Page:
Attacks on oil industry facilities and kidnappings for ransom of foreign oil workers are frequent in the festering creeks of the Niger Delta, which is home to Africa's biggest oil and gas industry, and 419 e-mail scams.
The Washington Shitraker's Polly Fellatrix states the bloody obvious when opining that Nigeria's 'black gold' has brought wealth to a few but fuels greed and corruption on a grand scale, in keeping with anywhere else in the Third World where oil, or any precious resource, has been found in abundant commercial quantities.
Oil has provided hundreds of billions of dollars in revenue for the government since it was discovered in the Delta region 50 years ago and yet the country boasts some of the poorest communities in West Africa.
Any of the native leaders possessed of a half-arsed schooling from Western missionaries soon observed, studied and copied the treacherous commercial strategies of their Colonial masters.
Following independence and a period of further education in the national military they were then ready to stage their own rebellion and establish themselves as heads of state: until the next plotting officer rank wannabee pulled his military coup.
So, elections are rigged by money and guns, and corruption pervades society from the top down. The President of the day is normally a top-ranking military officer (or their compliant political puppet) whose tribal group got fed up with the sparse left-over crumbs on the bird table and then initiated their own timely revolt.
"The idea that there is a huge pot of black gold out there for the taking has distorted everyone's values," is how N'Dinga McBonga of the International Basket Case Group reckons the situation.
"The poor of the Delta region see fabulous sums of wealth and cannot quite make out how it is accumulated and so no one works in a systematic way towards making money, apart from pulling their 419 e-mail / internet scams."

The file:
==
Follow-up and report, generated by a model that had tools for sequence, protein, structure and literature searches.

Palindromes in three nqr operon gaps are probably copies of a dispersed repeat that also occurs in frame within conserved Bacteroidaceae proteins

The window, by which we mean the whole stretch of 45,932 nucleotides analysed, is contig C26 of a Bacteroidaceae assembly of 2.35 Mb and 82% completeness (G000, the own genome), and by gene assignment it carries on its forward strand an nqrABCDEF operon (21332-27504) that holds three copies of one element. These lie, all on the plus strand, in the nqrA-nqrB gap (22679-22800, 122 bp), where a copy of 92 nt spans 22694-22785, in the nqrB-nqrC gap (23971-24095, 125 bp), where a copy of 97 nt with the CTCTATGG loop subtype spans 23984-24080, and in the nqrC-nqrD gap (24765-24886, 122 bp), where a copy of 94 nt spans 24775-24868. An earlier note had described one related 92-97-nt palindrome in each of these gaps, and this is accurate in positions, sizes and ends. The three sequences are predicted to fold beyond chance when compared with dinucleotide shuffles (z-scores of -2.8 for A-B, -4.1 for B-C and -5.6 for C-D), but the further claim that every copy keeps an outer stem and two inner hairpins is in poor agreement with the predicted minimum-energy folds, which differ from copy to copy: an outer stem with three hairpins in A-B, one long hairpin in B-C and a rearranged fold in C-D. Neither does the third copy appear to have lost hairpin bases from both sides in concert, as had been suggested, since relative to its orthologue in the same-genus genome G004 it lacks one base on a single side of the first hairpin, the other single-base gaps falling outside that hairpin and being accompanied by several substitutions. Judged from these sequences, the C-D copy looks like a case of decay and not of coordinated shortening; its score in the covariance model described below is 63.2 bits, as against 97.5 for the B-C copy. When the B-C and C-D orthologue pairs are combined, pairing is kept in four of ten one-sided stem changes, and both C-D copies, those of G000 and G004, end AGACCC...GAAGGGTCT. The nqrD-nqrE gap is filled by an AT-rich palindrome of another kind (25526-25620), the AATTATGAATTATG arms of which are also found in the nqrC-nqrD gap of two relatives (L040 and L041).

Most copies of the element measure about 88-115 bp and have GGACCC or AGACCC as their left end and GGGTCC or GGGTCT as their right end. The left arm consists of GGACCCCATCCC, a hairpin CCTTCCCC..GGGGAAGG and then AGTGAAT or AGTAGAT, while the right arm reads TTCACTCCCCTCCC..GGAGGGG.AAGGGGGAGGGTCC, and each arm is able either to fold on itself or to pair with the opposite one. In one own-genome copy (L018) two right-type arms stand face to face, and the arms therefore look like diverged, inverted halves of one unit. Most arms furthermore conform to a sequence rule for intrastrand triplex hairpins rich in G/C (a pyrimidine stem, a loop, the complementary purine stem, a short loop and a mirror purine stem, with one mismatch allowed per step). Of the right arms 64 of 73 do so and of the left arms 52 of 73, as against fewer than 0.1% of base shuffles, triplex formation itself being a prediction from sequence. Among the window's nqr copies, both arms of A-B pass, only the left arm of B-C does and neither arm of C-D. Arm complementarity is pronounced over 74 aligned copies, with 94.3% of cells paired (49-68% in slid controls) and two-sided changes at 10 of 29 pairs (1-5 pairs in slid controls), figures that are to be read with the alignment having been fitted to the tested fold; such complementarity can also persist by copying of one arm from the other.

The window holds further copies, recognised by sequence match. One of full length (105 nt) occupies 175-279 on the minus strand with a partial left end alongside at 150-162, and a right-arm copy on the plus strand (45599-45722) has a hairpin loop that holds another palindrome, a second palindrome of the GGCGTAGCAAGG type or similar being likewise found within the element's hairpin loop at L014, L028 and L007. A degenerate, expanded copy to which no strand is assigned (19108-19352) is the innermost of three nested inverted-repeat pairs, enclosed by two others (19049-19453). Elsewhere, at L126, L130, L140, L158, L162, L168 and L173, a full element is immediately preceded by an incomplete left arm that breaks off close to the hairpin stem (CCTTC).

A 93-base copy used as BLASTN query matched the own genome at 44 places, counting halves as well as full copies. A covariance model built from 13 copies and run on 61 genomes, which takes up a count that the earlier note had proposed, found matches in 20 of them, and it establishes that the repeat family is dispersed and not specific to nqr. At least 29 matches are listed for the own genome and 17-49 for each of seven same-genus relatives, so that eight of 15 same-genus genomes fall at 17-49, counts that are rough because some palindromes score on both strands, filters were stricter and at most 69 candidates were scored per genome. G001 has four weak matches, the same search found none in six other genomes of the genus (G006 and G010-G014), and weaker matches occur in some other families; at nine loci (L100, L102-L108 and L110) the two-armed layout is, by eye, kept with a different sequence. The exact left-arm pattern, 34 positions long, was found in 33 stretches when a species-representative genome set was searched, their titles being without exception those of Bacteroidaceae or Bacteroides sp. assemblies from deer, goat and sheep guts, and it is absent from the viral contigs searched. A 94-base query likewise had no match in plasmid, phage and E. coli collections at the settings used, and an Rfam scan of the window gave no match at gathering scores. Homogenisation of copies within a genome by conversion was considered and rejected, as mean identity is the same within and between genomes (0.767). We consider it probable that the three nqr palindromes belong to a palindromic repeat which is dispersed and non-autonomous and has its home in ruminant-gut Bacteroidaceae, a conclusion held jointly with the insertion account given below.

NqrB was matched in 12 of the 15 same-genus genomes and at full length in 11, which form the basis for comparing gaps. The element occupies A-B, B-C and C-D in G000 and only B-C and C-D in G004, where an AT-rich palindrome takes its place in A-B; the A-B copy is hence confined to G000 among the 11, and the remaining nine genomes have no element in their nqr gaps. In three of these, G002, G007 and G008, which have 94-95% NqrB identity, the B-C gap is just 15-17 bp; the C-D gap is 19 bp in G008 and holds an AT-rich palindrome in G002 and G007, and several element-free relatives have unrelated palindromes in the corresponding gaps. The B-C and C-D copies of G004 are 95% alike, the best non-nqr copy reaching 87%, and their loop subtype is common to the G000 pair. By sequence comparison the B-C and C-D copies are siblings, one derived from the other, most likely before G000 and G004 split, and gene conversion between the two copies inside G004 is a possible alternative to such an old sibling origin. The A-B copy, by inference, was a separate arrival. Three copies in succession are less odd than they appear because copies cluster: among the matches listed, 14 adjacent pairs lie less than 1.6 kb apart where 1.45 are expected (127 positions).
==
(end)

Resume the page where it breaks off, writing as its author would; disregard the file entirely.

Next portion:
Juxtaposed against a backdrop of white marble mansions belonging to oil barons which line the avenues of the capital of Abuja, people have lost track of the connection between effort and reward. Or have they?
The disproportionate mirrored images of the Delta region's 'Have's' and 'Have Not's' can produce the most unlikely of reflections.
Possessed of Black Africa's largest, best-equipped and most well-trained military, Nigeria has a long-established and profitable sideline of hiring mercenary troops to the highest bidder to participate in the continent's myriad enduring conflicts.
This has further evolved into regional military commanders simply 'doing their own thing' and turning covert rogue in an endeavour of self-enterprise. Kidnapping Western / foreign oil workers for their insurance-guaranteed ransoms is but a small part of their remunerative commercial ventures.
Pipelines running round the Delta's coast are expertly tapped to siphon off the oil and their flows of 'black gold' diverted to coastal jungle sanctuaries where the stinking lubricious liquid is pumped aboard small tankers or loaded onto cargo vessels anchored outside Lagos in 200 litre drums, which then ends up getting refined in Rotterdam or elsewhere.
The proceeds from the illicit sales move magically into numbered accounts for offshore / foreign investment and to purchase more arms to perpetuate the situation.
It's quite a sophisticated operation, where up to 200,000 barrels a day are stolen and is the direct cause of oil revenues in the Delta slumping by 30% over the past twelve months.
Western oil companies speak optimistically of the Nigerian army and navy overcoming the problem, ignoring, in grand ostrich fashion, the glaring fact that 'they' are the problem.
Contact : If you have information regarding the illegal sale of Nigerian oil, please call Lagos Crime Watch on our 0800-234-9-419-419 toll-free number and leave your e-mail address and bank account details.
Smile, and have a nice day.